The typical flu season can fall anywhere between October and May, and
usually peaks sometime between January and March. Because the timing of the
flu season can be unpredictable, health care providers are encouraged to
begin vaccinating as soon as the seasonal vaccine is available. Ideally,
vaccination should take place by the end of October. However, it is never
too late to get vaccinated. As long as flu is circulating, vaccination is
recommended. It will be take about two weeks from the time of vaccination
for you to be protected. The influenza vaccine does not protect against
other respiratory illnesses.
Frequently Asked Questions (Seasonal Flu)
What is influenza (also called flu)?
The flu is a contagious respiratory illness caused by influenza
viruses that infect the nose, throat, and lungs. It can cause mild
to severe illness, and at times can lead to death. The best way to
prevent the flu is by getting a flu vaccine each
year. An average of 2,800 North Dakotans are reported as having
lab-identified flu every year--the number of actual cases occuring
in North Dakota each year is likely much higher.
What are the signs and symptoms of flu?
People who have the flu often feel some or all of these signs and
* It is important to note that not everyone with flu
will have a fever.
Fever* or feeling feverish/chills
Runny or stuffy nose
Muscle or body aches
Fatigue (very tired)
What about the stomach flu?
The "stomch flu" is a misleading term. Typically, influenza
virus is not the cause of stomach bugs.
Vomiting and diarrhea are rare but possible symtoms of influenza,
seen only in small children. Vomiting and diarrhea are
slightly more common in children with the 2009 A H1N1 pandemic
strain than other strains of influenza. However, these symptoms are
typically accompanied by other influenza symptoms that are not
secondary symptoms of vomiting and diarrhea. For example, body aches
that are not abdominal cramps or the abdominal soreness you may feel
after vomiting. An illness characterized by fever, nausea and
vomiting is likely not influenza, and should not be considered
How does flu spread?
Most experts believe that flu viruses spread mainly by
droplets made when people with flu cough, sneeze or talk.
These droplets can land in the mouths or noses of people who are
nearby. Less often, a person might also get flu by touching a
surface or object that has flu virus on it and then touching their
own mouth, eyes or possibly their nose.
How long is someone contagious if they have the flu?
You may be able to pass the flu to someone else before you
know you are sick, as well as while you are sick. Most healthy
adults may be able to infect others beginning 1 day before
symptoms develop and up to 5 to 7 days after
becoming sick. Some people, especially young children and
people with weakened immune symptoms, might be able to infect others
for an even longer time.
How can I prevent the flu?
The single best way to prevent the flu is to get a flu vaccine each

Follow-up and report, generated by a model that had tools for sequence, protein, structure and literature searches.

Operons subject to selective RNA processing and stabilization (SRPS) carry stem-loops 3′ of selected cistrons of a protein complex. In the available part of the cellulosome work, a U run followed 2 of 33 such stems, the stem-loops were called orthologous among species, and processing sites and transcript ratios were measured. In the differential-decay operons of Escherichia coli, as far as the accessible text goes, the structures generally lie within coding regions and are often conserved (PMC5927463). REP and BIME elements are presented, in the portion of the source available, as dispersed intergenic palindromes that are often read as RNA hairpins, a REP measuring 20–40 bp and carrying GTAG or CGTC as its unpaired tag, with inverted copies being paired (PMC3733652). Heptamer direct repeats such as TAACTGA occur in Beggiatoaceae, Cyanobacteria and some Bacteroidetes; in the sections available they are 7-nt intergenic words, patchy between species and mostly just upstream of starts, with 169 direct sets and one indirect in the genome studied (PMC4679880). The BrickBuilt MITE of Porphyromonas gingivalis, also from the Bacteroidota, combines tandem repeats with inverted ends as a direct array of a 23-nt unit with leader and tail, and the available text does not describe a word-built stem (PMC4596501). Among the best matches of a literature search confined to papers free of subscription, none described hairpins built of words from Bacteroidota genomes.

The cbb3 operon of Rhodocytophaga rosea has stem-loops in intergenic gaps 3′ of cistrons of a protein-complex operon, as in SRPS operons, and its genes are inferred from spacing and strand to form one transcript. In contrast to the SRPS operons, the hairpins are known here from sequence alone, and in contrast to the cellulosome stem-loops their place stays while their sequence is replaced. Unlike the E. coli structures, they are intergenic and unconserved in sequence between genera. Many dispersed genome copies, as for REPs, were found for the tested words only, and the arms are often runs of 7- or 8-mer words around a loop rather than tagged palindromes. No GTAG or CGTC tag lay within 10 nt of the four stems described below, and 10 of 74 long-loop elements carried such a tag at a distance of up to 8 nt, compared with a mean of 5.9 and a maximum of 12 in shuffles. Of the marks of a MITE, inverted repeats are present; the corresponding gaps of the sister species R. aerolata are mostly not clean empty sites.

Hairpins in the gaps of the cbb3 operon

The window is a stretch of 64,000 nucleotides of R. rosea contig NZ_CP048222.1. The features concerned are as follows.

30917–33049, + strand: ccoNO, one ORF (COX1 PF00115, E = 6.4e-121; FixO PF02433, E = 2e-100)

season. There are two types of flu vaccines:
“Flu shots” — inactivated vaccines (containing killed
virus) that are given with a needle. There are five flu shots being
produced for the United States market now.
The regular seasonal flu shot is “intramuscular” which means
it is injected into muscle (usually in the upper arm). It
has been used for decades and is approved for use in people
6 months of age and older, including healthy people, people
with chronic medical conditions and pregnant women. Regular
flu shots make up the bulk of the vaccine supply produced
for the United States. This year, flu shots come in either
quadrivalent or trivalent forms. Trivalent vaccine protects
against two types of influenza A virus and one type of
influenza B virus. Quadrivalent vaccines protect against the
same three strains as the trivalent vaccine and also include
protection against an additional B strain.
A hi-dose, intramusular vaccine for people 65 and older.
This trivalent vaccine is thought to help boost the immune
response in older people.
An intradermal vaccine for people 18 to 64 years of age
which is injected with a needle into the “dermis” or skin.
This vaccine is trivalent.
An intramuscular, trivalent vaccine that is made in cell
culture and has low egg content. This vaccine is approved
for people 18 and older.
An intramuscular, trivalent vaccine that is egg free. This
vaccine is approved for people 18-49.
The nasal-spray flu vaccine — a vaccine made with live, weakened
flu viruses that is given as a nasal spray (sometimes called
LAIV for “Live Attenuated Influenza Vaccine”). The viruses in
the nasal spray vaccine do not cause the flu. LAIV is approved
for use in healthy* people 2 to 49 years of age who are not
pregnant. All LAIV is quadrivalent.
Flu vaccination is recommended for everyone 6 months and older. Talk
to a health care professional about which vaccine is right for you.
After vaccination, it takes about two weeks for your body to develop
protection against the flu. Flu vaccines will not protect
against flu-like illnesses caused by non-influenza viruses.
In addition to vaccination, you can help prevent the spread of
influenza by washing your hands often, staying home when you are ill
and taking influenza antivirals if they have been perscribed to you.
When should I get vaccinated?
Influenza Fact Sheets
Copyright 2006 North Dakota Department of Health